The Chapman Family Collection. Photo: Stephen White
I sometimes wonder why I find myself in art galleries so often when I find so much about contemporary art so irritating. With an article hardly finished, I’m jumping on the bus to Tate Britain to see Classified, just because they’ve got seven new rooms of recent acquisitions. Perhaps I should get a hobby, go for a walk. It’s a nice day.
Actually, to be honest it’s mostly just the writing that I find irritating. Take this, from an interpretative label:
“[Rebecca Warren’s Come, Helga] questions our assumptions about sculptural tradition.”
This is a classic piece of nonsense, committing the twin crimes of a vague assertion about ‘us’ and mis-ascription of agency. Firstly you assume that you and I, Ms gallery label-writer, share a set of common assumptions about sculpture, which I doubt (I’m actually just not very interested in sculpture), and secondly that an inanimate lump of dried clay is capable of questioning those assumptions. It’s a jumped-up hyperbolic claim of importance for the work that gets in the way of understanding or even seeing it. It’s not even something that the Tate are universally guilty of: the Tate Collection’s own description is much better: it starts off with a physical description of the work, draws some parallels and finishes up with the question of the artist’s ‘concerns’. Comprehensible without being patronising.
Maybe I shouldn’t bother reading the labels and just look at the art. Maybe I should just be grateful that I don’t have to wade through the tedious sheaves of pretentious pseudo-theory that blighted Bourriaud’s Altermodern. At least this conceit is simple. ‘Classified’: artists, like everyone else, enjoy messing around with the taxonomic systems of organisation that characterise post-Enlightenment knowledge. Aggregation and differentiation; Comte; Linnaeus: Same same but different. Take Ceal Floyer’s Monochrome Till Receipt (White), a Morrison’s receipt for a trolleyful of shopping that’s all literally white: goats cheese, face cream, tampons, etc. It’s about classification, and it’s about process, because this is a new till receipt: the work has been re-created specially for this show.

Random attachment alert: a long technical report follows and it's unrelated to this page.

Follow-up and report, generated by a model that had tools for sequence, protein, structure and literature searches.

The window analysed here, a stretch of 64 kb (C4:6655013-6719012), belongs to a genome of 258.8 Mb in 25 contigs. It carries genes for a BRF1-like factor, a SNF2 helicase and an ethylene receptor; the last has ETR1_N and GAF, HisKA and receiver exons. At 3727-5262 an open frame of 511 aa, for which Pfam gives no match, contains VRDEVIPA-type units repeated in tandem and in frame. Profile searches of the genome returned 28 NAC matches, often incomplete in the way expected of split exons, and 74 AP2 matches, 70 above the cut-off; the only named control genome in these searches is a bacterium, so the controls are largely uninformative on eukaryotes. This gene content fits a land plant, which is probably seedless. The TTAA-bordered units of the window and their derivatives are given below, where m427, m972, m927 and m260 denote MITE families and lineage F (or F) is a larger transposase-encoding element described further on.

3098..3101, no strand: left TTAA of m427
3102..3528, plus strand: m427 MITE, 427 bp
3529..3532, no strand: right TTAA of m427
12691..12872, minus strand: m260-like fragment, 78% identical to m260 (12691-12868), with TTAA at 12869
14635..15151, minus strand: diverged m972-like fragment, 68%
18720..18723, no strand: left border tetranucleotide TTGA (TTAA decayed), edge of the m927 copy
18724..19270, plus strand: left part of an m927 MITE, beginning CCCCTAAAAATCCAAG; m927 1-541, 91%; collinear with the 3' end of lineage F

But this show is actually less about classification than it is about recognition: the recognition of what has seeped into and out of popular culture from the hallowed white cube. It’s not the experience of ‘signature style’ you get wandering through MOMA (screenprint: Warhol, check; smudgy stencil work: Jasper Johns, check; bricks on the floor: Carl Andre, check); it’s more like hearing someone in a British New Wave film utter the words that should be coming out of Morrissey’s mouth.
The first two immediately recognisable works are Jeremy Deller’s The History of the World (a mind map linking brass bands and rave music) and Simon Patterson’s The Great Bear (a map of the tube in which station names have been replaced by those of historical figures), which belong on the wall above my sofa, and in the inlay tray of my Acid Brass CD respectively. It seems odd seeing them in a gallery: they’re both flat works made for reproduction, so there’s no extra aura to be felt or detail to be seen in the ‘original’ (the Patterson edition is a little larger than my copy). Deller’s taken a vernacular form, seen on flipcharts and in management meetings, and given it an unexpected social content. Patterson’s schtick of relabelling tube stations has become a popular genre in itself, enough to fire the ire of TfL, ‘owners’ of the original. Both works are so familiar in such a way that it feels like they don’t belong in an art gallery at all, that placing them on white walls imposes unnecessary restrictions on our contemplation and understanding.